The Mad Viscount of Brenchly


At last week's Washington, D.C. Tea Party rally, I had a brief encounter with Lord Christopher Monckton, the eccentric British global warming skeptic, and former Saturday Night Live regular Victoria Jackson (who explained to a clearly confused Monckton that she was, in her words, a Hollywood "has been"). It's a subject on which I am underinformed—on all matters related to climate change I defer to Ron Bailey—so I didn't engage him in matters political or environmental, though I did ask Jackson when she last spoke to Ellen Cleghorne (around 1990).

I did, though, read my former colleague Dave Weigel's blog post on Monckton, detailing the dotty Viscount's skepticism that President Obama was a United States citizen. Digging a little deeper, I see that, while lecturing in Minnesota in 2009, Monckton claimed that the UN summit in Copenhagen would "impose a communist world government on the world." And in the United States, alas, we "have a president who has very strong sympathies with that point of view." All of this led The Spectator's Rod Liddle, a global warming skeptic and enemy of liberal pieties, to characterize the aristocratic Bircher as a "swivel-eyed maniac."

And now I see, via RealClearPolitics, that British journalist Johann Hari is attacking Monckton in the current issue of The Nation. Fair enough, though Hari, who Private Eye once accused of being a fantasist (and this 2002 story strikes me as very Stephen Glass-like), takes a few short cuts in his attack. For instance, he writes that Monckton "falsely claimed he is a member of the House of Lords and a winner of the Nobel Peace Prize. When challenged, Monckton has admitted to a weakness for telling 'stories that aren't actually true.'"

As Hari points out, both claims are demonstrably false. But here is the context for that quote, in which Monckton, apparently challenged about the Nobel and peerage, admits a "weakness for telling 'stories that aren't actually true." It can be found in this 2007 Scotsman article, which details Monckton's involvement in the jigsaw puzzle business (seriously):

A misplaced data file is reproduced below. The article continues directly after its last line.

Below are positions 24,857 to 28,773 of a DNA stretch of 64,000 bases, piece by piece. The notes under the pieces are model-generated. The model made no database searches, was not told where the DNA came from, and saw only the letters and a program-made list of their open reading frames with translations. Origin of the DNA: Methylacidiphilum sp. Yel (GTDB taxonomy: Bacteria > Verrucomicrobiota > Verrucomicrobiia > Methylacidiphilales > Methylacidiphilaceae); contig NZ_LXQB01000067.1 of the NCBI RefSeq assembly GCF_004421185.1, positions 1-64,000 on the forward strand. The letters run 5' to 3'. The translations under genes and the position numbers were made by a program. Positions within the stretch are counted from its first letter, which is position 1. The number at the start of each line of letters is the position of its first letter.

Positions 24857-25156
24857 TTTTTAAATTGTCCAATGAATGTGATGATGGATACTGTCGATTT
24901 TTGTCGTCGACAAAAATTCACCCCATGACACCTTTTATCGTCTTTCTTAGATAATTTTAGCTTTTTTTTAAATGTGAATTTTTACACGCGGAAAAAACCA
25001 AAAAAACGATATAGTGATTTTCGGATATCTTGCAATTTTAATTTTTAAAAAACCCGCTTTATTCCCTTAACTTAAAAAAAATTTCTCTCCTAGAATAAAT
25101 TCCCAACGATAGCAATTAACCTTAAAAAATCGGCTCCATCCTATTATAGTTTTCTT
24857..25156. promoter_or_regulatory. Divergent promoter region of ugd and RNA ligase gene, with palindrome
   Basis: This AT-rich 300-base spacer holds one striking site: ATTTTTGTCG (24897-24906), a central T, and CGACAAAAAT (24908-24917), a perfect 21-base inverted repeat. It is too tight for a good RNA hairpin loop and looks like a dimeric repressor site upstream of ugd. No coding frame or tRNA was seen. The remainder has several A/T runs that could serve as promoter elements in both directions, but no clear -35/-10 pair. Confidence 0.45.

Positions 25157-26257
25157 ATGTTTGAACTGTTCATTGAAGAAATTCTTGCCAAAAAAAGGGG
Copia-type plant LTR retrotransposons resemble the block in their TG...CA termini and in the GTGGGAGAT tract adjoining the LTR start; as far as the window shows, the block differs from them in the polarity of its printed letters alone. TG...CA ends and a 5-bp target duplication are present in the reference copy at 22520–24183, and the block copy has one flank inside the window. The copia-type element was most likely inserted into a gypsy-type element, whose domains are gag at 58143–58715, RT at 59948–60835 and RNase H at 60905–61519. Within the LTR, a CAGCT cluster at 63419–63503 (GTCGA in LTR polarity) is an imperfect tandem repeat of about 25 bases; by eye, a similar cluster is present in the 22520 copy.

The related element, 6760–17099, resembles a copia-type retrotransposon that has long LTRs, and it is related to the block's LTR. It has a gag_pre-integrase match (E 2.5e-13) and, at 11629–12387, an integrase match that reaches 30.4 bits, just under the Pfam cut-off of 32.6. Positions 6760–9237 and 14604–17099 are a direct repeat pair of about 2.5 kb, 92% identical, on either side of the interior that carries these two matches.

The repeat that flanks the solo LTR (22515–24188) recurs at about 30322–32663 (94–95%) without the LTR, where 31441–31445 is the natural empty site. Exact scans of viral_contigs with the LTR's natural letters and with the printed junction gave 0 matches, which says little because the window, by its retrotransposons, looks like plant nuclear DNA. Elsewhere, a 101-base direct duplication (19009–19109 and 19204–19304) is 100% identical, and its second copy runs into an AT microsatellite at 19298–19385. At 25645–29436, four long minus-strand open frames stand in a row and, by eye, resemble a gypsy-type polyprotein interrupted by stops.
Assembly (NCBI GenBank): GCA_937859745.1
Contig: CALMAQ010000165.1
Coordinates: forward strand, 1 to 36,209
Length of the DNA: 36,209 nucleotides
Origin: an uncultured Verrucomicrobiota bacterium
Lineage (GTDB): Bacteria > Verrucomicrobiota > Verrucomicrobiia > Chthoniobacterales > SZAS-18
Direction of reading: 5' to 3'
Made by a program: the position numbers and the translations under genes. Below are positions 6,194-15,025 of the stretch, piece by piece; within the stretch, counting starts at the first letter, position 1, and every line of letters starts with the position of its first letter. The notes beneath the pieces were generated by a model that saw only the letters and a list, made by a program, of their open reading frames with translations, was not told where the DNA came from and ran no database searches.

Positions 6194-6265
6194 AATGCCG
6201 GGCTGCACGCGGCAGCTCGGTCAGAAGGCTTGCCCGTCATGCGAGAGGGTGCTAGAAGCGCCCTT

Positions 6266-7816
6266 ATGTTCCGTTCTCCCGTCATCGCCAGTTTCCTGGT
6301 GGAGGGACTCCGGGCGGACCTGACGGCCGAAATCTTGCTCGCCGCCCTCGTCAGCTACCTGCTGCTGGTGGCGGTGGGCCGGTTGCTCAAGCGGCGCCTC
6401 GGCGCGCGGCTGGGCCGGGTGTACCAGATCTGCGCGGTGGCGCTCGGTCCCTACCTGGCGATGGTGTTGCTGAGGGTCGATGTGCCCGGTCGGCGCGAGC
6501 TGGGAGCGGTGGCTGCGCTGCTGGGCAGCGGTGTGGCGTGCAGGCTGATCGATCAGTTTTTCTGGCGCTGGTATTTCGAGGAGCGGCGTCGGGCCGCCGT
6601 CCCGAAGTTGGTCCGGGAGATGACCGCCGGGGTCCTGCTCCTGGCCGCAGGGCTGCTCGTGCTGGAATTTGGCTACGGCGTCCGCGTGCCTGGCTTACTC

Mr Monckton told The Scotsman that the story about him being forced to sell Crimonmogate, his 67-room pile near Peterhead, had been invented to boost sales [of his puzzle]. In fact, he said he had made a healthy profit from the first version of the puzzle, despite it being solved so quickly.

"[The house sale] was the story which the PR people dreamed up after we had three months of the best sales that any puzzle had ever had," he said. "They wanted to keep the momentum going to take us through to Christmas.

"I was selling the house anyway and they asked me if I would be willing to tell people I was selling the house because I was afraid somebody might solve the puzzle too fast. I said 'yes'. They said, 'Don't you mind being made to look an absolute prat', and I said, 'No-I'm quite used to that'. History is full of stories that aren't actually true.

It might not seem like a big deal, but journalists are not allowed to bowdlerize quotes in this way. Monckton, who has said so many stupid things in his time that Hari needn't manipulate his sources, was clearly not "admitting a weakness" for lying about his past, but suggesting that history is saturated with stupid PR stunts.

Also, when claiming that the climate deniers are like those industry-funded scientists in the 1950s who denied that smoking caused lung cancer, Hari writes that Clarence Cook Little, who headed an industry funded research team, said "he has discovered insurmountable flaws in the use of statistics and clinical data by 'anti-tobacco' (and quasi-commie) scientists. The press reports the 'controversy,' usually without mentioning that Cook Little is being paid by the tobacco industry." A peek in the archives—AP, New York Times, and a dozen other sources—and no reference to Cook using the term "anti-tobacco" and all mention his link to the tobacco industry. Reporting on his research in 1956, in which he says that his studies were "inconclusive," The Times identifies his industry affiliation in its subhead, and quotes Cook as stating that "it cannot be said that smoking has been absolved of suspicion; neither have the charges that smoking has a role in lung cancer been proven." But such nuance would muck up his lede, I suppose.

Cook Little was doubtless an industry stooge, but there is no evidence that I can find suggesting that, in collusion with the media, he set out to destroy the reputations of "quasi-commie" scientists.